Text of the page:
When one hears the word innovation, what comes to mind? Something technologically savvy? Cutting-edge? Each industry has its share of innovative ideas and works. In relation to the dance world, what is considered innovative? There are revolutionary choreography, dance techniques, products, approaches to movement, and endless other examples. More specifically, it is undeniable that digital film is a major contributor to the avant-garde advances in the dance industry, and most importantly, for the birth of dance on camera. The collaboration of dance and film has changed the dance industry for years to come, and such hybrid art form has taken the language of movement to a heightened, innovative level.
Ever since the inception of photography and motion studies, performances have been staged for the camera, however, the revolution of dance on film became more known after the explosion of the digital revolution. Film has been used for quite some time in the dance world, especially as a way of preserving original choreography and the history of dance (Fenner & Harris, 1995). It allows for a performance to be captured if one is not able to experience it live, and brings the arts directly to one’s digital playing device. The digital revolution has allowed for dance choreography to be captured like never before through a video lens, and the overall art form of dance on camera. This practice evokes certain emotions and communicate specific ideas to an audience that cannot be portrayed as effectively live, but through a movie inspired documentation of dance. Not only this, there is the flexibility for one person to be the choreographer, director, videographer, and editor of a dance film project, which is an asset for the entrepreneurial artist (McPherson).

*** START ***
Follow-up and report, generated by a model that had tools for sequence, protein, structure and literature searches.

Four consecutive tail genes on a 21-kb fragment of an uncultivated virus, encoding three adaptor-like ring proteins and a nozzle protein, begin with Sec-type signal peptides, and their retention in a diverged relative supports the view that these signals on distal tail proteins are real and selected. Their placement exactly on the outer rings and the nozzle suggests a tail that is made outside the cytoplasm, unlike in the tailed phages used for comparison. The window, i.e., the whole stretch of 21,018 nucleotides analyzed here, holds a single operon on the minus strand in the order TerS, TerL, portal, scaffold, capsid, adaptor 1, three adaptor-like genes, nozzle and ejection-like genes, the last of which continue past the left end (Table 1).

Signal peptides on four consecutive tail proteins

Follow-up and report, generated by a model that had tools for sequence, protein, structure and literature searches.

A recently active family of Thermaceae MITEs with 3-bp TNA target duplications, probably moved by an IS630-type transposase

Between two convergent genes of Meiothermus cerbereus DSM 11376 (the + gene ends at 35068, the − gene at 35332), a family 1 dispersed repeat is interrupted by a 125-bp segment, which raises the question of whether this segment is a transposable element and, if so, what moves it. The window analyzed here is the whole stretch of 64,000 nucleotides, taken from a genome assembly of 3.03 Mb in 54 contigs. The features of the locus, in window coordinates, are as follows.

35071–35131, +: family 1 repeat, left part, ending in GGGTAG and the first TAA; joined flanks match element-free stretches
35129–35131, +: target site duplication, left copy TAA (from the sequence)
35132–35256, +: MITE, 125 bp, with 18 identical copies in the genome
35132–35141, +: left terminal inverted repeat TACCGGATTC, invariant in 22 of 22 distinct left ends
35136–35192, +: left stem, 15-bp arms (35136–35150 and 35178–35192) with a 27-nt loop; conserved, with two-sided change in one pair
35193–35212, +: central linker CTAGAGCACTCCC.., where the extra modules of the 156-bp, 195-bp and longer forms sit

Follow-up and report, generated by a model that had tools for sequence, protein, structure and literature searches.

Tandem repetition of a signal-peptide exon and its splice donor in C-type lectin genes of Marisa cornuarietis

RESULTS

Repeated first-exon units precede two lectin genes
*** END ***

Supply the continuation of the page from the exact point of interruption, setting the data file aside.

Dance on film is so revolutionary not only because of how it changes the face of videography, but the traditional dance experience as well. The dancer(s) is/are no longer the stars-the camera is the main performer and the process of editing is the choreography. There is an increased intimacy from an audience member perspective, due to the fact that dance movement is not watched from an auditorium seat but is easily seen through the perspective of the frame. Dancers involved in a dance camera project no longer have to perform the dance from beginning to end, but have the option of choreographing for the camera how they desire, and allowing the editing process to complete the choreographic process. It is more common for dancers to perform choreography in repeated chunks. When editing, the relationship between sound and image is crucial, as well as creating flow, creating a variety of paces, and ultimately creating a story (McPherson, 2006).
It is intriguing to think about how dance on camera will continually evolve in the future. Will the incorporation of film and dance seep into other areas of the dance industry, such as in a classroom setting? Only time will tell. If you’re interested in looking more into what the art form of dance film looks like, as well as a timeline of dance on film, check out the Dance Films Association official site at http://dancefilms.org.
McPherson, K. (2006). Making Video dance: a step-by-step guide to creating dance for the screen. New York, New York: Routledge.
Fenner, D.& Harris, K. (1995). Video-preservation of dance. Journal of Aesthetic Education, Vol. 29, No. 1, pp. 69-78. Retrieved from http://www.jstor.org/stable/3333518.